Let’s Talk About Mental Health

[Originally a tweet-storm made on 25th November 2017]

Let’s talk about #mentalhealth.

Nearly 20% of the American population suffer from some form of mental illness each year. This is a rampant epidemic. Everyone is affected directly or indirectly.

See Nearly 1 in 5 Americans Suffers from Mental Illness Each Year article in Newsweek.

It is the same story (or worse) in other countries.

There is nothing special about mental health issues, as compared to other types of health issues. We are organic beings and our brains are “made of stuff” just like everything else. Sometimes they don’t work as they should. Very often, in fact 🙂

But the stigma is real.

You’re mad! You are crazy! You are a lunatic!

But worst of all is … You are a liability. I cannot trust you. You cannot do your job. You are a disappointment. Why don’t you just snap out of it? Cheer up. It can’t be that bad. You aren’t even trying.

I have suffered from serious spells of depression for the last 12 years, but in retrospect can see that this began as far back as my teenage years. It has likely always been an aspect of my biology – but only one which manifested in seriously self-harmful ways under stress.

I have lost months of my life to the Black Dog (probably around two years cumulatively) where even getting out of bed or doing ANYTHING other than avoiding the world was a challenge. Defer. Avoid. Hide. Sleep. Don’t eat. Constantly worry and self-reflect.

I will never feel better. I am useless. I am a horrible person. I am so selfish. I will never feel better. Better for everyone if you just end it right here. Why continue?

But it is bullshit. It is all bullshit.

Sure, we hit hard times, but what is happening with mental illness is not logical. Your brain just isn’t working correctly. Or, as a “user”, you are using it in a way which makes these issues more likely.

For somebody whose work is thinking and logic and problem solving, mental health episodes are devastating. I can attest to this first hand.

The thing which I do, which I am best at, which is my very essence… Can’t do that right now, and it might be months before I can.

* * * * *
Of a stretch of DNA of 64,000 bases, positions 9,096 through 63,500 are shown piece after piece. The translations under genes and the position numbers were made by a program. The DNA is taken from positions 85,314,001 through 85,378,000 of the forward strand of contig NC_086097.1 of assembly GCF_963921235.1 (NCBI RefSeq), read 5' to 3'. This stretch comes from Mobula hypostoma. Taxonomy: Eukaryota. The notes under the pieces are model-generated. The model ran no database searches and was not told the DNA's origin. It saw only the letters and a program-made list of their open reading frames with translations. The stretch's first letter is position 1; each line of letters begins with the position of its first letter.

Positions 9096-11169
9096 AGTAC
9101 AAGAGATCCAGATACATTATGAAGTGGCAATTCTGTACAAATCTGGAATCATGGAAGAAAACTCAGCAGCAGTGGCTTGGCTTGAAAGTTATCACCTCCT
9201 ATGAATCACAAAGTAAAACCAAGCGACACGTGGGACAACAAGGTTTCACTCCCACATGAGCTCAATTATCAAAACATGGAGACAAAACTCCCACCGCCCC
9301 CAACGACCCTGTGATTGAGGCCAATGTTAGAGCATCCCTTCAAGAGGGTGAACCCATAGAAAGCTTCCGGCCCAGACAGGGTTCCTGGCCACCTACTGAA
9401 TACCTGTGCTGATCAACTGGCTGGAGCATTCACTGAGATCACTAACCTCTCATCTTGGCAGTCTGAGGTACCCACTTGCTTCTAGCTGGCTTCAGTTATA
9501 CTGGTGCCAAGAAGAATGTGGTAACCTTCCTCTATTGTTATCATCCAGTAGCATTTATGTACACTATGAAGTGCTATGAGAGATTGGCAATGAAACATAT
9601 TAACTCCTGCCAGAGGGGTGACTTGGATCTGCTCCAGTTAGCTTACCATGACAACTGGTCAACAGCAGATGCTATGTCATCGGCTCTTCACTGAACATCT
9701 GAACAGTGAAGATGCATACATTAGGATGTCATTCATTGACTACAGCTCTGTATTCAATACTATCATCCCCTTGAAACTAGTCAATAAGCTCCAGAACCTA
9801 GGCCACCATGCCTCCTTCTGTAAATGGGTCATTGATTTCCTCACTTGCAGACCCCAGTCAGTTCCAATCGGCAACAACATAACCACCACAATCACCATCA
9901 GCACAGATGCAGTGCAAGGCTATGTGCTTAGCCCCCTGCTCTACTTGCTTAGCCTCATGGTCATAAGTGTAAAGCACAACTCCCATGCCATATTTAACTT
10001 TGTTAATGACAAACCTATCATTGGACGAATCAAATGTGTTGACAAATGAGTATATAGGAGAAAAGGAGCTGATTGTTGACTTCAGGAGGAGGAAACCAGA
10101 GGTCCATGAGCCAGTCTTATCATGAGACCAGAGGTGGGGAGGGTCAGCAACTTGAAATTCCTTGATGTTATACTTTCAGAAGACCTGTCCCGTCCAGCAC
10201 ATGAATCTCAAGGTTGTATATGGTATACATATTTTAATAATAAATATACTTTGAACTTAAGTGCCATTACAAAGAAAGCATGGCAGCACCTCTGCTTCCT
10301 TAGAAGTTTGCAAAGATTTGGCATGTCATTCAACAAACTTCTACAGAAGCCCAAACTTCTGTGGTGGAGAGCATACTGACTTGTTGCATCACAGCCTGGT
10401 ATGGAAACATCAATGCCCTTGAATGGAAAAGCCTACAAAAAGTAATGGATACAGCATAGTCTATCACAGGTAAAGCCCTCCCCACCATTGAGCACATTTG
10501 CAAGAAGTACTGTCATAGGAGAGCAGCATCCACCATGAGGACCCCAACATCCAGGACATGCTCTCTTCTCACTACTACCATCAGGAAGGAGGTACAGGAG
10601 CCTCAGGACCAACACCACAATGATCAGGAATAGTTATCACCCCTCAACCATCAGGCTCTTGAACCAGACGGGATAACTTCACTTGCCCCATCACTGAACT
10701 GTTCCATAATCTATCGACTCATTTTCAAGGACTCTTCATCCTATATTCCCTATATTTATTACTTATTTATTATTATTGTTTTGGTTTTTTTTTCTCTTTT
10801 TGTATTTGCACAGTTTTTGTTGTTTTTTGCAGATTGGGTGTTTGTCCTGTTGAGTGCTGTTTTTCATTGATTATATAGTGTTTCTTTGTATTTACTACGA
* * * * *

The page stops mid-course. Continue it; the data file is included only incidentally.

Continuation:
My most recent spell of depression lasted from October 2016 to early January 2017. I was basically “off the grid”. It started with this, which utterly knocked the stuffing out of me:

Hyperledger Project reflects on blockchain politics. Hyperledger’s Brian Behlendorf discusses abortive attempt to relicense the C++ Ethereum client to the Apache 2.0 licence.

I joined ConsenSys to start working on Enterprise Ethereum Alliance but within less than a week it was clear to me that I was broken and needed to take some time off. Like all my previous bosses, Joe Lubin was superbly supportive, as were my other new ConsenSys teammates:

lubin

By mid-December 2016 I felt able to join a dial-in call for a face-to-face meeting in NYC talking about preparations for the EEA. That was the first time I had popped my head up for about two months. I was just lurking on a call, but it was a good start.

On January 10th 2017 we had another face-to-face meeting about the EEA, including presenting our roadmap to Vitalik. The prospect of being in these meetings was really intimidating, but it really helped in the end. My beard here was a hiding method.

enteth

Anyway … I just wanted to share this insight into my life because mental health affects us all. I want you to know that nobody is immune. People in very public and influential positions are just as prone to mental health issues as everybody else.

Sod the stigma.

I expect to suffer from spells of depression for the rest of my life. I have been taking antidepressants for years. They probably help, but are no silver bullet. Some people find CBT very helpful.

I have been to a psychiatrist (who actually quit the profession because he came to the conclusion he was hurting people more than helping them, by “medicalizing” the issues.

There is a huge waiting list here in BC. Waiting 6 months to talk to somebody when you are in the pit?

I have been to a psychologist, who was more helpful, but was $200 per hour and not covered by medical.

I have been to a Psychic/Medium/Medical Intuitive (over Skype). That was actually the single most useful session I ever had in terms of personal impact.

Perhaps THE biggest uptick I had in my whole life though was making a good new friend who told me all about blockchain, and who inspired hope in me that I could use my professional experience to make a major difference in the world. That is the path I am still on.

Drinking heavily and smoking was helpful too (in the very short term!)

When you are heavily depressed you don’t enjoy things as much as you did, so battering yourself with “experience” in that way can help to spark you a little.

I imagine that going on a hedonistic rampage would be “helpful” too, but with a wife and kids that really was never on the agenda for me!

ANYWAY – If you are having a tough time yourself and feel that talking it through with me would be helpful (whether or not we know each other), please feel free to HMU.

Seriously. Open offer to the whole world. My DMs on Twitter are open.

Or any of these means of contact.

I am feeling great now. I am utterly inspired and enthused by Sweetbridge.

But I know that it won’t last forever, and the Black Dog will likely come and visit me again at some point in the future. But I am slowly getting better at coping. Peace out!

2 thoughts on “Let’s Talk About Mental Health

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